This one isn’t hard to figure out: fewer employees that work from the office means smaller office space is needed. Real estate costs are a major line item for almost all businesses, and that cost increases when you factor in the auxiliary expenses of an office, such as utilities, upkeep, supplies, etc.
When employees work remotely, they are responsible for their space and all the utilities needed to keep them up and running. If the organization adopts a BYOD (bring your own device) model, corporate overhead is further reduced as remote employees are working on the devices they already own (and bought with their own money).
One study found that the real estate savings alone is roughly $10,000 per remote employee each year. The same study found that the average business can save up to $11,000 per employee annually (or around $700 billion a year) simply by allowing for part time telecommuting.
For companies interested in cutting costs, those numbers should be enticing enough to at least begin considering a work at home policy or opening up hiring to remote employees.
Companies aren’t the only ones that benefit from allowing employees to work at home. The remote employees themselves receive benefits and resoundingly report a better work-life balance. The benefits for remote employees range from healthier living to saving money:
The shift toward more remote working is driven partially by a changing global economy and an increasingly challenging search for talent, but it’s also being driven by workers who want to get away from the grind and enjoy life while still feeling satisfied by their career. In our “always on, always connected” world where many people bring work home with them after hours anyway, today’s workforce understands that they don’t necessarily need to be in an office to get work done.
While many companies may be afraid of allowing remote working because of a perceived lack of control or an imagined fear of employees slacking off on company time, studies clearly show that allowing for remote working results in exactly the opposite. Productivity and time spent on work activities actually increase in many cases. Plus, organizations have an easier time accessing top talent, attracting the workers of the future and retaining happy employees.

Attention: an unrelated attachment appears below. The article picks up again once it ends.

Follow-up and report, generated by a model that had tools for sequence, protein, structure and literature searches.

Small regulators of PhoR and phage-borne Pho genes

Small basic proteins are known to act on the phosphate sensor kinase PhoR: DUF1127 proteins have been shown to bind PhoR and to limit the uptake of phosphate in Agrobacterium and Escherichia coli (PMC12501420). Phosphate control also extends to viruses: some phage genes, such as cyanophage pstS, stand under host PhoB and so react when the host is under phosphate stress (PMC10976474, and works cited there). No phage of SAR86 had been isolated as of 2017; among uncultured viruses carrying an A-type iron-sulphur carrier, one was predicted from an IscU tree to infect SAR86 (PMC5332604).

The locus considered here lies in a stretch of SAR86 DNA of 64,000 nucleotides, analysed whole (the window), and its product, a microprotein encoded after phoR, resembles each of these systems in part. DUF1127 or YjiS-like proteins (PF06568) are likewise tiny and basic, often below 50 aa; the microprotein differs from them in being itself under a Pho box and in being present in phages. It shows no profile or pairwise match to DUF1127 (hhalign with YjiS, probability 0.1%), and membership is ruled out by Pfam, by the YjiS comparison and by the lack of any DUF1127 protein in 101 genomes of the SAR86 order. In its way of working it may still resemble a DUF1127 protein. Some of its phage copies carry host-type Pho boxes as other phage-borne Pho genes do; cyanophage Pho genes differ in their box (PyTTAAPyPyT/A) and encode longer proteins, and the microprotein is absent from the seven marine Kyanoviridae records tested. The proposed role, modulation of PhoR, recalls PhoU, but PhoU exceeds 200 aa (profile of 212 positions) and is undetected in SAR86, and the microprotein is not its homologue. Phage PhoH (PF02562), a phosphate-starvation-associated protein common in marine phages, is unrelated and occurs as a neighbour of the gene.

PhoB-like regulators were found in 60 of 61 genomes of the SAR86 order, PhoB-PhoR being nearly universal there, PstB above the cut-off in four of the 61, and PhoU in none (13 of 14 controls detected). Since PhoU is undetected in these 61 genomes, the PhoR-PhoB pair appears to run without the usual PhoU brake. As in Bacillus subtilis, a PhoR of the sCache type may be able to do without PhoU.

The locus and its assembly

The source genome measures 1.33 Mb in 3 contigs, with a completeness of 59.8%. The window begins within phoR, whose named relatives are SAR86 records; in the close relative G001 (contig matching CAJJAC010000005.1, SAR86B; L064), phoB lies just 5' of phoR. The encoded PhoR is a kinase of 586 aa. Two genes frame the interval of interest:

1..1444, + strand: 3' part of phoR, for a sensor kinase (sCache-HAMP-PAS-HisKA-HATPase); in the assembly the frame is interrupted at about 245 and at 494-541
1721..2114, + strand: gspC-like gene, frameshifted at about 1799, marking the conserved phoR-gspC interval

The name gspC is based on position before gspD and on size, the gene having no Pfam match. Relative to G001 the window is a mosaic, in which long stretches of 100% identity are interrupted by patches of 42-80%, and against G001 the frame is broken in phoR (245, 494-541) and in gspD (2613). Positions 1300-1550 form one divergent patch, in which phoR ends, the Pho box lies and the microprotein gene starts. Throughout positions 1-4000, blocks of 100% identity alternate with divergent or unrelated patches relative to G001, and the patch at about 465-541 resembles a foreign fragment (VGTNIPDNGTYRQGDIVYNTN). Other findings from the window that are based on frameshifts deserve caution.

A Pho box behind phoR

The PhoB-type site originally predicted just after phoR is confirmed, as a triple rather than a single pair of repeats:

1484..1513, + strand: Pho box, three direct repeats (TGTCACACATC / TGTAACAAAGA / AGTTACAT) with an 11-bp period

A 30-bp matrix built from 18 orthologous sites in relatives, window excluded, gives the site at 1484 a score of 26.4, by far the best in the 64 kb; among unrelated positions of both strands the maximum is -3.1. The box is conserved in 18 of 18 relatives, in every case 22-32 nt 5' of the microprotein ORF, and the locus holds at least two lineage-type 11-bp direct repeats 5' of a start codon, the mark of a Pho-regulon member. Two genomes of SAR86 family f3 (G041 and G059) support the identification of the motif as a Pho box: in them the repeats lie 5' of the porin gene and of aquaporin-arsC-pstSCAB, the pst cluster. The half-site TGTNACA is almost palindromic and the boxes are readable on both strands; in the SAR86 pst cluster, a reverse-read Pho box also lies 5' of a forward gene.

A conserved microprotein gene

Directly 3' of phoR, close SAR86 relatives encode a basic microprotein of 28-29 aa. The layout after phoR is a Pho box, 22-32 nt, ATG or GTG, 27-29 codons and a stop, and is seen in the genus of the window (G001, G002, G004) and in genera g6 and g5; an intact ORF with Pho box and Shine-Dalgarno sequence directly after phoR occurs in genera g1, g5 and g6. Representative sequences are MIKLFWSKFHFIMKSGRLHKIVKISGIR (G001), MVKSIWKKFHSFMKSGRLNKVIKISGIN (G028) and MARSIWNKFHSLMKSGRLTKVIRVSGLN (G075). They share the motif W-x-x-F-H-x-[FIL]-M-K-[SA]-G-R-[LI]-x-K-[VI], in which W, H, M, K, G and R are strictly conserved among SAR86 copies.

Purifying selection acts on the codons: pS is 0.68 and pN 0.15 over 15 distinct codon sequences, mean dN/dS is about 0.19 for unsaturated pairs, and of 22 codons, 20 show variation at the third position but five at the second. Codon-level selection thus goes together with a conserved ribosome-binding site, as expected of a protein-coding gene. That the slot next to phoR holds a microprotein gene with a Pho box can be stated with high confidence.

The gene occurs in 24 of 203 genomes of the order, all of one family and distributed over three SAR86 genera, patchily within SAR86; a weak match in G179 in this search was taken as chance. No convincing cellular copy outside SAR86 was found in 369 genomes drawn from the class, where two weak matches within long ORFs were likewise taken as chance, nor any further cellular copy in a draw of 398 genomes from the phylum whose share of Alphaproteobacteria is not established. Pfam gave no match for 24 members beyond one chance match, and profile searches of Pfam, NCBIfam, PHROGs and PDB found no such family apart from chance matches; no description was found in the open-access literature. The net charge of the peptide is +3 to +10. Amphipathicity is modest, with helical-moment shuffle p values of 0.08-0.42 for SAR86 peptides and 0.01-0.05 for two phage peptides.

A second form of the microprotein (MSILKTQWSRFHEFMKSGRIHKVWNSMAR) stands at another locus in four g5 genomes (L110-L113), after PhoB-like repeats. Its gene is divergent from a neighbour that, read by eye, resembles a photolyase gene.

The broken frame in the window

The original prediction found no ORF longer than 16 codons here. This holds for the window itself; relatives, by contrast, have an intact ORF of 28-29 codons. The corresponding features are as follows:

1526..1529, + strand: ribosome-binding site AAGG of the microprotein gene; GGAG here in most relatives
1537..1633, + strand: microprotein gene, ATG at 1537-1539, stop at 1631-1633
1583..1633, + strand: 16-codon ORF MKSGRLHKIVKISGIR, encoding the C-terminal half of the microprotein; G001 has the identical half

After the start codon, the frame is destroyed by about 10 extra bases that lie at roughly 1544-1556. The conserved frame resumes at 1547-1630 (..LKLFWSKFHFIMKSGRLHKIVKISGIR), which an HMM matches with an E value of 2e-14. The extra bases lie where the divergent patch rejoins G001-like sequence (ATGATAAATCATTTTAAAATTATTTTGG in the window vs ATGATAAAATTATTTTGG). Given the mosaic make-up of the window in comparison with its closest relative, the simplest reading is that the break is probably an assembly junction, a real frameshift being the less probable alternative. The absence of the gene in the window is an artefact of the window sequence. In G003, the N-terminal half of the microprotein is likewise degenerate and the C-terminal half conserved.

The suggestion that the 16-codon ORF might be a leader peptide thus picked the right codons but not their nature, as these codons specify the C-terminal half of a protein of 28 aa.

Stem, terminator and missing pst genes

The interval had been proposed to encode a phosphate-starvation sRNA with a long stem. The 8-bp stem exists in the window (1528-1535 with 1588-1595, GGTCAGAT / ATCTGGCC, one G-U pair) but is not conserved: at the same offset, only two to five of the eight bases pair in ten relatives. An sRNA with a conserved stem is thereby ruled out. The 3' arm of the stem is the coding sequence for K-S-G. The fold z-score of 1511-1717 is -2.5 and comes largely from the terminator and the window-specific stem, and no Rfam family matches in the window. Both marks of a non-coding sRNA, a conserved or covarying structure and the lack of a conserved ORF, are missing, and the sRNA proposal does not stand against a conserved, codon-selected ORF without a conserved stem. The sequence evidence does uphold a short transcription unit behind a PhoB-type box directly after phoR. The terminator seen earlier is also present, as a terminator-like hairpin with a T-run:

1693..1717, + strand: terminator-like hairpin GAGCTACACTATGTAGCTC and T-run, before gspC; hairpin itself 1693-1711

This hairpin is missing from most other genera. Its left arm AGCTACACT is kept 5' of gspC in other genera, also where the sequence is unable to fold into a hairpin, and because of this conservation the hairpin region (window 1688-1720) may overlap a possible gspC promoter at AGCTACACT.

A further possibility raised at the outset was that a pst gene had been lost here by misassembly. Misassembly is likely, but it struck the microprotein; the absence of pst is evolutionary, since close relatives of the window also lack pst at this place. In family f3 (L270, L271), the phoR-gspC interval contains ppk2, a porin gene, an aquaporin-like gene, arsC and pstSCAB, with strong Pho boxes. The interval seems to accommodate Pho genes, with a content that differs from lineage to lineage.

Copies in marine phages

There are certainly benefits to having on-site employees, but businesses would be doing themselves a disservice if they flat-out ignore the on-going shift toward remote working. Not only could they find themselves on the wrong side of a workforce trend and trying to play catch-up, they could be missing out on very real business benefits that result in tangible results and a competitive advantage.
This approach does represent a fairly large departure from the way many organizations – especially long-standing enterprises – have historically done business. That means organizations should take the time to assess the downstream effects of this new work model before going all in.
Not having employees in-house and allowing them to use their own computers and smartphones widens the scope of organizational risk and can make it harder to achieve compliance in some cases. Smart companies will consider all the implications of embracing remote workers – good and bad – and form an action plan before shifting to a more remote workforce. In some cases, new solutions, policies and procedures may need to be put in place before the organization begins bringing on more contractors or remote workers.